There’s been some “buzz” lately about buyers of new construction condos who purchased pre-construction now wanting out of the deal with a return of their earnest money. Motivations vary: they are no longer able to get financing (“WHAT? I need a down PAYMENT!? Since when??”); their life situations have changed (baby + one bedroom condo = problem); or they simply don’t want to be under water the moment they close (those 2007 prices are not so attractive now…). Regardless of the motivation, though, the developer’s response is almost always the same: “Go pound sand. The earnest money is mine.”
Luckily for buyers, there are various federal and state laws designed to protect consumers that may give the buyer a right of rescission (and thus the right to a full return of the earnest money). For example, several decades ago the federal government enacted the Interstate Land Sales Full Disclosure Act (known to its afficionados as “ILSA”), 15 USC 1701 et seq. specifically to protect buyers of new construction. Generally speaking (its a complex statute), a developer must register the project with the Dept of Housing and Urban Development (HUD) and provide buyers with a comprehensive set of disclosures. However, the developer is exempt from the registration and disclosure requirements if it contractually obligate itself to complete the building within two years.
For reasons unknown, many of the new condo developments in the area decided to structure the purchase and sale agreements to fall within this “two year” exemption. Unfortunately for the developers, it is more difficult than first appears, and most of the contracts at issue at least arguably fail to qualify for the exemption. Thus, the buyers of those condos arguably have the right, under ILSA, to rescind the contract and receive a full return of their earnest money. (My partner Marc Holmes and I recently prevailed in an action against WA Square on this basis, so in at least one case its no longer “arguable” — the developer failed to comply with the statute and the buyer had a right of rescission.)
All of this raises an interesting question: Is it unethical for a new construction buyer to seek a legal basis for getting out of the contract with a full return of the earnest money? Our very own Ardell has argued that, if a buyer simply changes her mind about the purchase, the buyer should lose her earnest money. Other people have voiced a similar opinion. Is that right? Is it morally wrong for a buyer to seek a return of the earnest money? Does the buyer’s motivation in seeking to get out of the contract even matter?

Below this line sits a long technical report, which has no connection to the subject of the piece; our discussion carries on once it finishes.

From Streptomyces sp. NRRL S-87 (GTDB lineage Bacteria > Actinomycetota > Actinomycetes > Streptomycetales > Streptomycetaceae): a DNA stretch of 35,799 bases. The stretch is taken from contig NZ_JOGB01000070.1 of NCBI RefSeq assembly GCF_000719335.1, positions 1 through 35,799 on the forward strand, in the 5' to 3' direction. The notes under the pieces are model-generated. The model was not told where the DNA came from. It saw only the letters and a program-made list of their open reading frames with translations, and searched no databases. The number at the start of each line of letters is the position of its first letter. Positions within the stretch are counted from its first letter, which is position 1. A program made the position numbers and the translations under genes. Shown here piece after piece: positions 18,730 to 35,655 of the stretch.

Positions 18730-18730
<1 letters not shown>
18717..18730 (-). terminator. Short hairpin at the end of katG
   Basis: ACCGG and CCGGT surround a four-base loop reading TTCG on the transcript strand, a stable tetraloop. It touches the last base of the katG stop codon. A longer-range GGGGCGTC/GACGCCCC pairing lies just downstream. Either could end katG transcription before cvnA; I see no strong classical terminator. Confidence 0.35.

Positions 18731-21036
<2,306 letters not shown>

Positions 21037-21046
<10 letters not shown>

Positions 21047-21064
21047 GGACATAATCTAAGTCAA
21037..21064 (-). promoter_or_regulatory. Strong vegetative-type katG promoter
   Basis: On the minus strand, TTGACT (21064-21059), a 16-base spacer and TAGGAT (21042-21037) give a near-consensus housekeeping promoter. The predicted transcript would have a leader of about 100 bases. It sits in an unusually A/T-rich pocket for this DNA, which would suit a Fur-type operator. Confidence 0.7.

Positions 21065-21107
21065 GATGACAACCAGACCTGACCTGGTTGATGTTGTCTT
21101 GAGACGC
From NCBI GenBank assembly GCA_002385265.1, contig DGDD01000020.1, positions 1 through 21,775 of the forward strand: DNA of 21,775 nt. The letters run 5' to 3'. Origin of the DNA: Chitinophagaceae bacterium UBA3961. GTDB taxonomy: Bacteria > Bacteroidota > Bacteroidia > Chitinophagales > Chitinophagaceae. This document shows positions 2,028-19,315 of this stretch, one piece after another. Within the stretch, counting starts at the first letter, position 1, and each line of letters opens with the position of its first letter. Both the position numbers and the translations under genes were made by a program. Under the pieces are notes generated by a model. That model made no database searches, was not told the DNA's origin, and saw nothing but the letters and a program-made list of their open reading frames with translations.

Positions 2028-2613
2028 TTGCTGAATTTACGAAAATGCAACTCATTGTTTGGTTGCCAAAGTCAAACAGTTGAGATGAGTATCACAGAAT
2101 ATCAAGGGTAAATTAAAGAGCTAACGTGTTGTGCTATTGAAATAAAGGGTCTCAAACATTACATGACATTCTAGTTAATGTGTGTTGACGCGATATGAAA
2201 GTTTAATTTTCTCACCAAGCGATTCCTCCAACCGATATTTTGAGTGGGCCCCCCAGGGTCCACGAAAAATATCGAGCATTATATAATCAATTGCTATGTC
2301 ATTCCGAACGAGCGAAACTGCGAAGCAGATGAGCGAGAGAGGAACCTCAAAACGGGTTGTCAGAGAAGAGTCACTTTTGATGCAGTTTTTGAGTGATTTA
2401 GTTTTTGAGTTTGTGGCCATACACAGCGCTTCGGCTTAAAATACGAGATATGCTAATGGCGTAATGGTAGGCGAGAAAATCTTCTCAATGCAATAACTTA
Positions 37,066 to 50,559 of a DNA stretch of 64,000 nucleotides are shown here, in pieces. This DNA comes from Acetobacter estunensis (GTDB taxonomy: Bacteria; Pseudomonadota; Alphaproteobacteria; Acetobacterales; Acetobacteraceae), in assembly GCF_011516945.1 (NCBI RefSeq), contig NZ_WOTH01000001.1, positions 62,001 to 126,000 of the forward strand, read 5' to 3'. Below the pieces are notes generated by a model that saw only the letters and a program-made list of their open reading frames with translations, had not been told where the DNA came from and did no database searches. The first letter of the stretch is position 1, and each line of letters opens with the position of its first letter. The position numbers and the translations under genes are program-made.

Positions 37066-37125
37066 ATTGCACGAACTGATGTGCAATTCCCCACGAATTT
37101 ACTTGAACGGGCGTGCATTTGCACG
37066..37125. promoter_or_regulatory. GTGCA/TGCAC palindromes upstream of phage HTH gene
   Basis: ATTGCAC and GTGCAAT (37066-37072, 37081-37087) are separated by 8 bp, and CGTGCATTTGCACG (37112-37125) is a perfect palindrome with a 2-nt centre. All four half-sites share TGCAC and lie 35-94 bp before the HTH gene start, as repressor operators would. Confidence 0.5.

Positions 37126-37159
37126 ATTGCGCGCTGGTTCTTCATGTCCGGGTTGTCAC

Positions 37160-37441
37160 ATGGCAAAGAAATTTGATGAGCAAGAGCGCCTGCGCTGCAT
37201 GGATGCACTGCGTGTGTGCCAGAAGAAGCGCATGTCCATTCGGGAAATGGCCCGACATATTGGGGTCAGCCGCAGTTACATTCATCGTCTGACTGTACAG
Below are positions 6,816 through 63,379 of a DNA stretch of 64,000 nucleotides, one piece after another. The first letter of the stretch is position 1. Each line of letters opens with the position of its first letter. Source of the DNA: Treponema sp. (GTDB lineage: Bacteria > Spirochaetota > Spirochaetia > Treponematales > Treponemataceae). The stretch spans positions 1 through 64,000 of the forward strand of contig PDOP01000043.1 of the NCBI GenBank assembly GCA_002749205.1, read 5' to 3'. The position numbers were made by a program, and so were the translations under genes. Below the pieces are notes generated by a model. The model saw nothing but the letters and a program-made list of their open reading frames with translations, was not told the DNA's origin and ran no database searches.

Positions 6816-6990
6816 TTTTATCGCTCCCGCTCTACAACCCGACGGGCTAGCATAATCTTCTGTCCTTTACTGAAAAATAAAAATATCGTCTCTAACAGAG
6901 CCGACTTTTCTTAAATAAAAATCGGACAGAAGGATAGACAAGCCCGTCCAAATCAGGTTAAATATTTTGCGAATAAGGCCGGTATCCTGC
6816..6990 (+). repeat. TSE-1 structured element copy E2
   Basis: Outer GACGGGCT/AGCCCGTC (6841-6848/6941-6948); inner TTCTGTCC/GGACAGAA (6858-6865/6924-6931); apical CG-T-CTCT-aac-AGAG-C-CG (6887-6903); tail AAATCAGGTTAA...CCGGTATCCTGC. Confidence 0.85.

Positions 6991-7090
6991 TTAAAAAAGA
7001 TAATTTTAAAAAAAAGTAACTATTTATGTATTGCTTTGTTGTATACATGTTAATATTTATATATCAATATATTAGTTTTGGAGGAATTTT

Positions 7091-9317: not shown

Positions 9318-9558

I think the answer to that question can be determined by flipping it around. New condo developers are large entities typically owned by sophisticated multi-millionaires. What if one of those multi-millionairre owners signed a contract that required her to perform her contractual obligations two years later, and when the date for performance arrived she stood to lose substantial money if she performed? What if the owner just changed her mind for some other reason? In either case, I think its safe to say that the owner would not perform her obligations. Rather, she would hire a lawyer to identify each and every possible basis for avoiding her contractual obligations. The lawyer would then approach the other party to the contract and see if the parties could reach a compromise. Rich people got rich for a reason: they don’t intentionally make a bad business decision, and when faced with a situation that will cause them to lose money, they hire an attorney to negotiate their way out of it. They use the law in every way possible way to protect and advance their interests.
Which is, of course, the purpose of the law. It only works when it is applied to a particular situation. ILSA was designed to protect consumers. Developers should comply with this law. If they don’t, the law gives consumers the right to avoid their contractual obligations. There is nothing immoral or unethical in using the law to protect and advance your interests. It’s what is expected of every citizen, and its certainly what is done by every citizen who can afford legal counsel. If you’ve decided to not buy that condo –for whatever reason — then you should determine whether the law is on your side. It’s what every person should do — and what wealthy people do all the time.